Sanity calms, but madness is more interesting.
-- John Russell
O vercome by hormonal surges, most pregnant women are a little crazy. My sister Jane, who was a bit off in the head before she got knocked up for the second time, surpassed crazy before the end of her first trimester. Now, after seven months of playing incubator, she's a paranoid schizophrenic. The true depth of her insanity would have gone unnoticed had it not been for our mother's car accident. After the accident, Jane and Heather joined Mom in her hospital room and eyed the fresh frozen plasma as it made its way through the transparent tubes and into Mom's bloodstream. "I wonder if this plasma is dependent on blood type," mused Jane.
"Well, I know that I'm B positive," Heather said. Mom, still lucid prior to the morphine drip, said she too was B positive.
"I'm definitely type A," said Jane.
"No, you're not," said Mom.
"Yes, I am . I know I am, because while I was in the hospital during Bella's delivery, the nurse told me I was."
Among the women in my family, scientific arguments are often based on nothing more than thin wisps of speculative evidence; victory is awarded to she who displays the most conviction. Jane's "evidence" was irrefutable. But Mom played her trump card. "That's impossible. You can't be A, because Dad is B negative," she said. Mom thought this bit of information would bring the argument to an end, but Jane was stubborn and insisted that the nurse wouldn't lie. While Mom, in a futile expenditure of energy, tried to persuade Jane, Heather called her husband. Sean is our scientific authority, our go-to man when it comes to questions regarding quantum physics or, more likely, matters involving the human body.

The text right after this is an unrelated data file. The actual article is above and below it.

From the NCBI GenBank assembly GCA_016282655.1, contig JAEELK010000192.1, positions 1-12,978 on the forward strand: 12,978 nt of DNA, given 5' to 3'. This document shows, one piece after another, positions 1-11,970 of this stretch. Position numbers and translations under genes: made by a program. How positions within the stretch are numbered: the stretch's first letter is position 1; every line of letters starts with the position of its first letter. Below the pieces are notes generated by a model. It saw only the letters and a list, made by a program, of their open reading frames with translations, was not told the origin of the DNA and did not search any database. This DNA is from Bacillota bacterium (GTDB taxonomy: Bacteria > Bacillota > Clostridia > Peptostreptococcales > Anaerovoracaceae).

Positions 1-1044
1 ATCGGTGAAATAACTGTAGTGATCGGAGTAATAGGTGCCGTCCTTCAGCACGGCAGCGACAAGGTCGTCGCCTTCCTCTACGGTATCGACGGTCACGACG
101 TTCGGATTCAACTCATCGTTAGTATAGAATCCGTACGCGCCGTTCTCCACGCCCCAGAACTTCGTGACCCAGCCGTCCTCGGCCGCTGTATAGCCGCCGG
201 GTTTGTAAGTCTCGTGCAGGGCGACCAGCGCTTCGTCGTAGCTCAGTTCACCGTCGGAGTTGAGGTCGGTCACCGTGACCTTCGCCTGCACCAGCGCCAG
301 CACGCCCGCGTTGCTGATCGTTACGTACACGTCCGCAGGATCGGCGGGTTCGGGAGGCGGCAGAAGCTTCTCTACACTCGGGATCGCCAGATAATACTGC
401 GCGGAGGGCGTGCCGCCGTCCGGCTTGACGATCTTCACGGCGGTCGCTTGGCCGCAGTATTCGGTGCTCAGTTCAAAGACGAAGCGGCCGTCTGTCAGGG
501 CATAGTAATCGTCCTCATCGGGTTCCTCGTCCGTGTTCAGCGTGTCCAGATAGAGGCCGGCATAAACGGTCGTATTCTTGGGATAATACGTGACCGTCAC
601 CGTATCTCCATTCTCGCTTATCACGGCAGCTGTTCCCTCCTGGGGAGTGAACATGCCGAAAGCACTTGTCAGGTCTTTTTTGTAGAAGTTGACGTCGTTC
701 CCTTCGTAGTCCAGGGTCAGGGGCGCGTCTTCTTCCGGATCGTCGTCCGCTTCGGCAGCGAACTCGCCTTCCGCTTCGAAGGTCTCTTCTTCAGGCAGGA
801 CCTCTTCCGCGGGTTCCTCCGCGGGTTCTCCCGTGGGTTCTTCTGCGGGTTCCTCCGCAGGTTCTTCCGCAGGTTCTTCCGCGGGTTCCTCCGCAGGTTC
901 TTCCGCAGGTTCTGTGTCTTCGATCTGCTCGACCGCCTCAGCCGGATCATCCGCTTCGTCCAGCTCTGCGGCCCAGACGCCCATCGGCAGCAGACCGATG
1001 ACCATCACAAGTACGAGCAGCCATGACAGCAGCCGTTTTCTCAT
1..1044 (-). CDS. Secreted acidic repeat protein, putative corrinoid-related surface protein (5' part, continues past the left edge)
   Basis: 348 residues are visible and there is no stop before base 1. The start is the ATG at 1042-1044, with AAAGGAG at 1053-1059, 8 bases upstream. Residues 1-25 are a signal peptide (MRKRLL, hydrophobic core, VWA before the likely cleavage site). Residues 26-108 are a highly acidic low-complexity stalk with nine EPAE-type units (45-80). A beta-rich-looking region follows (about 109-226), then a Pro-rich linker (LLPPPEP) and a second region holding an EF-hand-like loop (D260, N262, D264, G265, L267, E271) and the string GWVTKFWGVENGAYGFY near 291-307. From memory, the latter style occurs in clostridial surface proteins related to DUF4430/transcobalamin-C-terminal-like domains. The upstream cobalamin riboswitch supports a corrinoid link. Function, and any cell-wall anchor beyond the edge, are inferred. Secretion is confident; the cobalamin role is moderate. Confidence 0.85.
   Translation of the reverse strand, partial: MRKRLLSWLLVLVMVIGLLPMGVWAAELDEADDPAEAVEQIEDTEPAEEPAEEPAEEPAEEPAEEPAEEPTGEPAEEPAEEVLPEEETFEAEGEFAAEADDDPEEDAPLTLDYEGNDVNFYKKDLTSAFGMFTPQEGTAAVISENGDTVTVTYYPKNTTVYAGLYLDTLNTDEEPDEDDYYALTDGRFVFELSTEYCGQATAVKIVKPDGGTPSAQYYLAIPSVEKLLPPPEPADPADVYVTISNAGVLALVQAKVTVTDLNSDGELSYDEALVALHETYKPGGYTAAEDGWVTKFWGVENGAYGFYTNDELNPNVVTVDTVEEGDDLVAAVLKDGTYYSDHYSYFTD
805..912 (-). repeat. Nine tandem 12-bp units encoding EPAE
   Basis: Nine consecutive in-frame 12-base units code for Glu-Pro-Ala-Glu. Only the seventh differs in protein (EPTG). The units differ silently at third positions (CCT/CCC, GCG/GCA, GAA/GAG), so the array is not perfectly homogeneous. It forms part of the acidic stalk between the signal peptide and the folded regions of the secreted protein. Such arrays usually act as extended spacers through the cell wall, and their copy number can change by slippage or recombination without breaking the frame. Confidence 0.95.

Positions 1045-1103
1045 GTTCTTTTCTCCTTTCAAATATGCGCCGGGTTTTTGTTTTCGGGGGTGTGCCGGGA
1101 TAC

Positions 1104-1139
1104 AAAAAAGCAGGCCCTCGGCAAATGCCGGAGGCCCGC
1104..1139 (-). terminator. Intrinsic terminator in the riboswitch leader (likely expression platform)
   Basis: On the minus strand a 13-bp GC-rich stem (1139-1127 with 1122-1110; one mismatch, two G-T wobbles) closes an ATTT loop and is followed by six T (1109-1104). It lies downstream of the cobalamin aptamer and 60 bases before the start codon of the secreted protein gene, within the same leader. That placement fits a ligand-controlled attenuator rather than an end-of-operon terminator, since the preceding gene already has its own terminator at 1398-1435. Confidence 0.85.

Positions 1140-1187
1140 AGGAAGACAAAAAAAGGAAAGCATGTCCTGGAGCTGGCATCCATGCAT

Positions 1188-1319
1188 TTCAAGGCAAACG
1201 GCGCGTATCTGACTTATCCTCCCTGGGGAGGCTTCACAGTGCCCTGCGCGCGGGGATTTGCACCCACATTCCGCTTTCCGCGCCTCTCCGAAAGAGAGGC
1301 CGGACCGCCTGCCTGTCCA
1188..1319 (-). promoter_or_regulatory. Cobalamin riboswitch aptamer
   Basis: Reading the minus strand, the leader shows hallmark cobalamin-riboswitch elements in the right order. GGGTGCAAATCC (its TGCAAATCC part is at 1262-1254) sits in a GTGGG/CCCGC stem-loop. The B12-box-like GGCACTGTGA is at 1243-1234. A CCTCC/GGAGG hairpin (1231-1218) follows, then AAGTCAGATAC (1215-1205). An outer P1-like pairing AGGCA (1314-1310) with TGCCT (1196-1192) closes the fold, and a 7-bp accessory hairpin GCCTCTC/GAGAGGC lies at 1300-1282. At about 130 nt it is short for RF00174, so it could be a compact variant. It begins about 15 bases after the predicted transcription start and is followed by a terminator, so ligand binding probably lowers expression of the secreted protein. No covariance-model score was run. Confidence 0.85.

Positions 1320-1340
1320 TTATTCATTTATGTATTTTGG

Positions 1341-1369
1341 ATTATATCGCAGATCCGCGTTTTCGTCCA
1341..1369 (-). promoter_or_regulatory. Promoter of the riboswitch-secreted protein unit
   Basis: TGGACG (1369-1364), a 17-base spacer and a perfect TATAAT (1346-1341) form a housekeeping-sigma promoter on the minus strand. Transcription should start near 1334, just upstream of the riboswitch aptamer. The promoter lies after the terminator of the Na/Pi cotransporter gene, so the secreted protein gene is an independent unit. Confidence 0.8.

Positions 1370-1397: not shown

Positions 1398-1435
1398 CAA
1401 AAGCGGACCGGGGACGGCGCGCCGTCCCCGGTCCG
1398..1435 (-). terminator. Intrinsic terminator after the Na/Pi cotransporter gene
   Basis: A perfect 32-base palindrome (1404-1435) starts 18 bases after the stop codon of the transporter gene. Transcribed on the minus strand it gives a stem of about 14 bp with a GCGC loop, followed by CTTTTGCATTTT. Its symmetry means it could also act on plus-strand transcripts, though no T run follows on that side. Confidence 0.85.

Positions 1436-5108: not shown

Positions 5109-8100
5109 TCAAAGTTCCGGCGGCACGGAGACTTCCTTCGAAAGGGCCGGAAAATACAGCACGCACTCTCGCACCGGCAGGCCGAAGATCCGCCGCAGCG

The verdict was in. Heather smiled, ended the call, and announced the resolution according to Sean: "If Cliff and Maria are both type B, it is impossible for them to have a child that is type A." Heather added that it was probably Jane's personality type the nurse had been referring to. Whether or not it's hereditary, my parents, who are both classic type-A personalities, spawned four aggressive and controlling go-getters, each of whom developed her own methods of getting what she wants.
Faced with this undeniable evidence, any sane person would have let the matter drop, so Mom and Heather were not at all surprised when Jane announced what, to her, was the logical conclusion: if it was impossible for Mom and Dad to have a child with type-A blood, then she must not be their biological child.
News of Jane's revelation spread fast. Despite the ridicule she endured, and regardless of how striking and immense the proof was to the contrary, Jane was convinced a conspiracy had been perpetrated. On an excursion to Target to find a Hello Kitty radio for Bella, I tried logic. "Mom was a kid when she had you," I said. "Dad hadn't even joined the Navy yet. Why would two kids from Brooklyn want to adopt ? Where would they find the money? Dad worked three jobs."
Jane's neuroses had already conquered this objection. "I don't think I was adopted," she laughed. "And I know that Mom wasn't with anyone else. Think about it. The hospitals weren't so strict back then. Accidents happened. I was switched."